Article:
Due to expected high levels of ozone today (Friday, July 16th), the Utah Department of Environmental Quality has issued a health advisory for Salt Lake, Davis and Utah Counties:
SALT LAKE / DAVIS Counties: Air Quality Condition: RED Ozone Forecast: Unhealthy Health Advisory: Sensitive people (those with respiratory or heart disease, the elderly, and children) should reduce prolonged or heavy exertion outdoors during the mid-morning and afternoon hours.
UTAH County: Air Quality Condition: RED Ozone Forecast: Unhealthy Health Advisory: Sensitive people (those with respiratory or heart disease, the elderly, and children) should reduce prolonged or heavy exertion outdoors during the mid-morning and afternoon hours.
In spite of our public officials declaring tomorrow’s ozone levels concerning only to “sensitive” groups, the current medical literature suggests there is no safe level of ozone exposure, thus we all should take care to minimize our exposure. The Utah Department of Environmental Quality has a website where you can check hourly for ozone levels on their “current conditions” page. You can also track ozone levels on their “trend charts” page. While, this data is not quality assured, it does give you the bigger picture regarding ozone levels over a 24-hour period: Is it going up? Is it going down? Are we exceeding NAAQS (National Ambient Air Quality Standards)? You can then tailor your outdoor activities to coincide with the lowest ozone levels, which generally are during the early morning and evening (post sunset) when temperatures are also at their coolest. As a rule of thumb, in metropolitan areas when the temperatures creep into the 90’s and beyond you are going to see particularly unhealthy levels of ozone. Tailoring your activities is certainly not the long-term answer to ozone pollution, but in the short-term it is the only choice we have.
Utah Moms for Clean Air highly recommends reducing as much as possible (and without pulling your hair out!) your children’s ozone exposure. Young lungs are still growing and can be permanently damaged from chronic ozone exposure. In essence, significant ozone exposure — even within a day’s time frame — can cause a chemical sunburn akin to the sunburn we get on our skin from the sun. Like our skin, our lungs can also shed damaged cells, but also like our skin, repeated burns, especially bad ones, will result in scarring.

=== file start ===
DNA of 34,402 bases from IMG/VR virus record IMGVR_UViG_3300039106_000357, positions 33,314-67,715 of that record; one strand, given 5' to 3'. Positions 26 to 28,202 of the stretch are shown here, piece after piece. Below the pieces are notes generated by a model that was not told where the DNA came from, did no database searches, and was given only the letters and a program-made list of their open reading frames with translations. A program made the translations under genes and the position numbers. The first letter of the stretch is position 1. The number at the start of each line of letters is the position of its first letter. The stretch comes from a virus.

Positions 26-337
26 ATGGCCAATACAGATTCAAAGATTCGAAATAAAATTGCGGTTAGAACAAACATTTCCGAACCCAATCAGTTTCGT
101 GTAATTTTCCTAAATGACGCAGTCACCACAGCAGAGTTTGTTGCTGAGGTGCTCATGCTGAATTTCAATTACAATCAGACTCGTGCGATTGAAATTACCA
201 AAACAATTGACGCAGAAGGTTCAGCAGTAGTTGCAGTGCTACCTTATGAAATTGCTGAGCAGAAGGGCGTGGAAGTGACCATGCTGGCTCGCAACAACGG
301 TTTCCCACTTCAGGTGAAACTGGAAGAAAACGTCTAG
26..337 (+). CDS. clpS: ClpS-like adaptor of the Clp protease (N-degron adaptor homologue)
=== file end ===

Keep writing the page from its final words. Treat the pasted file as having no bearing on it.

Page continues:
I don’t know about you, but my mother’s intuition says that is clearly not a recipe for my childrens’ optimal health. So when the Department of Environmental Quality issues a red alert (and even yellow alerts), I listen and find activities indoors that still allow exercise, but also limits ozone exposure (ozone, by the way, is the result of a sunlight-driven chemical reaction thus it breaks down very quickly indoors — so the good news is you CAN hide from it!!). A few of our recent activities have included:
- Ice skating
- Indoor rock climbing
- Kickball in a gymnasium
- Kangeroo zoo (bounce house)
- Indoor swimming pools
Other great activities to beat the heat and avoid ozone are:
- Mountain excursions (Alpine Slide is great fun, although a bit pricey)
- Matinee movies (especially at the dollar theaters)
- Library and Museum visits
Whatever you do, do take ozone seriously even if it is an odorless, invisible gas, as there is no way around that fact that ozone is a poisonous, unstable form of oxygen, a powerful oxidizing agent and biologically corrosive — and not something any mother would encourage their child to play with!